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The issue of international trade — particularly with the world’s largest nation, China — has been much in the news of late. In Washington, the Trump administration continues to pursue a controversial trade war with China that it claims will bolster the U.S. economy, but which many analysts of varying ideological stripes view as distinctly unhelpful.
Even if one sets aside the question of the effectiveness of Trump’s trade battles, however, the notion that the U.S. is even engaged in massive amounts of commerce with the Asian giant is, for the millions of Americans who came of age when China was a cloistered Communist nation that largely banned private property, a rather remarkable fact.
What’s even more amazing to contemplate about 21st century U.S-China trade relations is that they do not merely involve the stereotypical American import of goods produced in lower-cost Chinese factories. Increasingly, Chinese companies and capitalists are massive investors in the U.S. and its raw materials in ways that affect the daily lives of millions of average Americans and that constitute a kind of eerie role reversal.
As you probably know by now, polluting hog farms — particularly those owned and controlled by the giant Chinese conglomerate known as the WH Group through its Smithfield Foods subsidiary — have been much in the news of late. As N.C. Policy Watch environmental reporter Lisa Sorg has reported in regular and often nauseating detail, three federal juries have recently returned massive nuisance verdicts against farms in southeastern North Carolina for the damaging impact they have on nearby neighbors. Last week’s ruling on a case from Pender County was the largest yet, with jurors awarding six plaintiffs a total of $473 million in compensatory and punitive damages.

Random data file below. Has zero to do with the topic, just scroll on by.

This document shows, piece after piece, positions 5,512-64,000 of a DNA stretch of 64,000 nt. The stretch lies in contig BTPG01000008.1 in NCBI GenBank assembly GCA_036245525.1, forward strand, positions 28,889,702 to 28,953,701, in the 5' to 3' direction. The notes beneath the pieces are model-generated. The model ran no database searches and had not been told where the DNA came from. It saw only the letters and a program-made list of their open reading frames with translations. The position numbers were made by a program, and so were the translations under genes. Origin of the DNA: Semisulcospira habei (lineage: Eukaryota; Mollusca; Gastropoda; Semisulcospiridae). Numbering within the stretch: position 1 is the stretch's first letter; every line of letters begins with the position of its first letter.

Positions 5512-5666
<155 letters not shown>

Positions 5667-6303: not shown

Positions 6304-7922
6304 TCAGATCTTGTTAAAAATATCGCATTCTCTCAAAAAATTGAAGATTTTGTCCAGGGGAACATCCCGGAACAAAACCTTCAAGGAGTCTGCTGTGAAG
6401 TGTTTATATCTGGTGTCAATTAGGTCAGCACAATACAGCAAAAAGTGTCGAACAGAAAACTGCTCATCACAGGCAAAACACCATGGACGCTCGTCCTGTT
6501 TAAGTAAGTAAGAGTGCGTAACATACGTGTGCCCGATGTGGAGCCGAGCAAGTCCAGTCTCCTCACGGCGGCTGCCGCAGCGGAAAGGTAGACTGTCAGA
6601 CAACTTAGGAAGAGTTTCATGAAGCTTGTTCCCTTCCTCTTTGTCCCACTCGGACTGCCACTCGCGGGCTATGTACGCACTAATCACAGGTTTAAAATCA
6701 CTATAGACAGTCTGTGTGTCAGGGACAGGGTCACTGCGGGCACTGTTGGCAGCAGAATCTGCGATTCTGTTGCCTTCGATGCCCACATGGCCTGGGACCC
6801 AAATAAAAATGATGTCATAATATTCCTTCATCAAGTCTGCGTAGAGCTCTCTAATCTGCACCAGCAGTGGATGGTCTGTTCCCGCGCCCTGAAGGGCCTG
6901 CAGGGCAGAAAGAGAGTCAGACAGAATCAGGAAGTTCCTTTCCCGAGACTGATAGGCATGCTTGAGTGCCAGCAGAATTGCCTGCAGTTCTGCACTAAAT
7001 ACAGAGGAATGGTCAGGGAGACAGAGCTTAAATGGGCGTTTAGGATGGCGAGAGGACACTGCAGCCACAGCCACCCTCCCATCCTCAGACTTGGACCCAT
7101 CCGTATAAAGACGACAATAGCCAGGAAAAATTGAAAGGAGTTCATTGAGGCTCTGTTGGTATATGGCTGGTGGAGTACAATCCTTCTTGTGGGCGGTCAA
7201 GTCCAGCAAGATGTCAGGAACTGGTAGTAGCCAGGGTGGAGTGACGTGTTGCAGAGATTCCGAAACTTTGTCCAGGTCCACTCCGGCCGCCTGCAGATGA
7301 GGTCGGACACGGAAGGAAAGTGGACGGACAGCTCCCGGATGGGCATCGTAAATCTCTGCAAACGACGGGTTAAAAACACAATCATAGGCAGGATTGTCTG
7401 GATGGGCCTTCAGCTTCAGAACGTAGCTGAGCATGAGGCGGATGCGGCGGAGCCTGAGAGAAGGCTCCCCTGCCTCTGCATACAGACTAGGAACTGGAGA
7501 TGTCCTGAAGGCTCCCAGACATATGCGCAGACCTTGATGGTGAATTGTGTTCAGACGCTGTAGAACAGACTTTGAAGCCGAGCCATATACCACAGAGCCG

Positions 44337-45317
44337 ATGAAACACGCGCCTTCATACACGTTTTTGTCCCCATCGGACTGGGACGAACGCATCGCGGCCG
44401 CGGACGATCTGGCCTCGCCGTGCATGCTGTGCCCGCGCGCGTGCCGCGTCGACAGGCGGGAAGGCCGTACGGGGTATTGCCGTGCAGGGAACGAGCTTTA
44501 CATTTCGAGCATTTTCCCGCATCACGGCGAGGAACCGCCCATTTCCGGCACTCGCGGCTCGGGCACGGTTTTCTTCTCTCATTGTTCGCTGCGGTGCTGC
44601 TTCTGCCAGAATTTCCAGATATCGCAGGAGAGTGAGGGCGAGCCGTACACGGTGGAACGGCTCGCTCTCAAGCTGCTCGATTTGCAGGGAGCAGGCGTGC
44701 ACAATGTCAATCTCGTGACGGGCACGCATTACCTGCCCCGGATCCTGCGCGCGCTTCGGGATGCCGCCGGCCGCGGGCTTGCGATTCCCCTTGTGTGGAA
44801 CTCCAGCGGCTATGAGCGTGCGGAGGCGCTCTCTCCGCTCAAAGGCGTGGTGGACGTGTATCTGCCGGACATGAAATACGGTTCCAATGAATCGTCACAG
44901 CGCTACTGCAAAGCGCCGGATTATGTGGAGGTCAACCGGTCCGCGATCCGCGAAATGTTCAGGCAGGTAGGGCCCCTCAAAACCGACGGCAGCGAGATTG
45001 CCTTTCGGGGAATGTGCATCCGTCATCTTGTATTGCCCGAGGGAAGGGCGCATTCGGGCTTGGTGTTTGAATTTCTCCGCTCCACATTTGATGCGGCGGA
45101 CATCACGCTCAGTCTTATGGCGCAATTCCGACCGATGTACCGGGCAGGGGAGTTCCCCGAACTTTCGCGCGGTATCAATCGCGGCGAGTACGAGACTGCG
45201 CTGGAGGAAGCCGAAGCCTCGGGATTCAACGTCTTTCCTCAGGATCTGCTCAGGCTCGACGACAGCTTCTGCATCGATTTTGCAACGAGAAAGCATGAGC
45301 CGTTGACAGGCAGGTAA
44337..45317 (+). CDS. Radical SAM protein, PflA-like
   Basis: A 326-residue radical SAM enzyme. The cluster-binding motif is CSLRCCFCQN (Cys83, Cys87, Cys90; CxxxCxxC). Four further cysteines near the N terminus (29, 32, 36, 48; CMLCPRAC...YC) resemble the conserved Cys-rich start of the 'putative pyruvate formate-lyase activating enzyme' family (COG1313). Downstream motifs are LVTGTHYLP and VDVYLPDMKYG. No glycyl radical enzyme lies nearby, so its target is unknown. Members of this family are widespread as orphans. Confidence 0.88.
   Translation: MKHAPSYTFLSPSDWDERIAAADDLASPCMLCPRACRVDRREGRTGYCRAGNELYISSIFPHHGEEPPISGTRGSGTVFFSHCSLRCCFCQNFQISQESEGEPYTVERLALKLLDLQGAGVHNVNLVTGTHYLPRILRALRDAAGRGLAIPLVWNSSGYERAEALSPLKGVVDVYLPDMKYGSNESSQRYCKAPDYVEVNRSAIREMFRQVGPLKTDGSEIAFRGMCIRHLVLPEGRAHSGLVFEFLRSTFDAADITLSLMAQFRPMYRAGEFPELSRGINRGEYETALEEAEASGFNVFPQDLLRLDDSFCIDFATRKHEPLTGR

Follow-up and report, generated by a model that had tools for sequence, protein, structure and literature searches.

For those who care about North Carolina’s quality of life and the sustainability of its fragile environment, the recent verdicts have come as welcome news. With several more cases queued up for trial, the hope and expectation is that the massive verdicts will finally serve as the spur that’s needed to get the industrial hog farming industry to clean up its act.
The company has already shown it has the capacity to clean up the industrial farms it controls. In January of this year, Successful Farming magazine ran a story entitled “How Smithfield saved the worst hog farm in America,” in which it explained how a massive network of Missouri farms has been transformed through the implementation of modern pollution control technology.
The problem, of course, is that the Chinese overlords at WH Group clearly do not want to spend the money it would take to clean up the farms it controls in North Carolina. For now, it’s obviously cheaper to keep the pathetically obsolete and often-stomach-turning network of open hog waste “lagoons” while egging on local farmers with threats of “de-populating” their farms, and employing the tried and true tactic of buying PR flacks, big law firms, lobbyists and politicians.
The tragedy in all of this, of course, is that local farmers and the neighbors bringing the hog farm nuisance suits ought to be allies. As many a lawsuit plaintiff and sympathizer has opined, it’s possible to care about the environment, not want to smell hog feces all day and still enjoy bacon.
The point here is not to end hog farming, but to bring about an industry that is a good and environmentally friendly neighbor. That conservative and frequently jingoistic politicians are attempting to whip up outrage against hog farm neighbors and American trial lawyers and journalists rather than Chinese billionaires who are really pulling the strings in all of this is deeply ironic and truly appalling.
So what happens next? For now, the lawsuits will continue and, presumably, so too will the demagoguery from conservative politicians. Let’s hope that, at some point, WH redirects its cash toward cleanup and away from stonewalling propaganda.
Rob Schofield is director of N.C. Policy Watch, a news and commentary arm of the progressive North Carolina Justice Center think tank.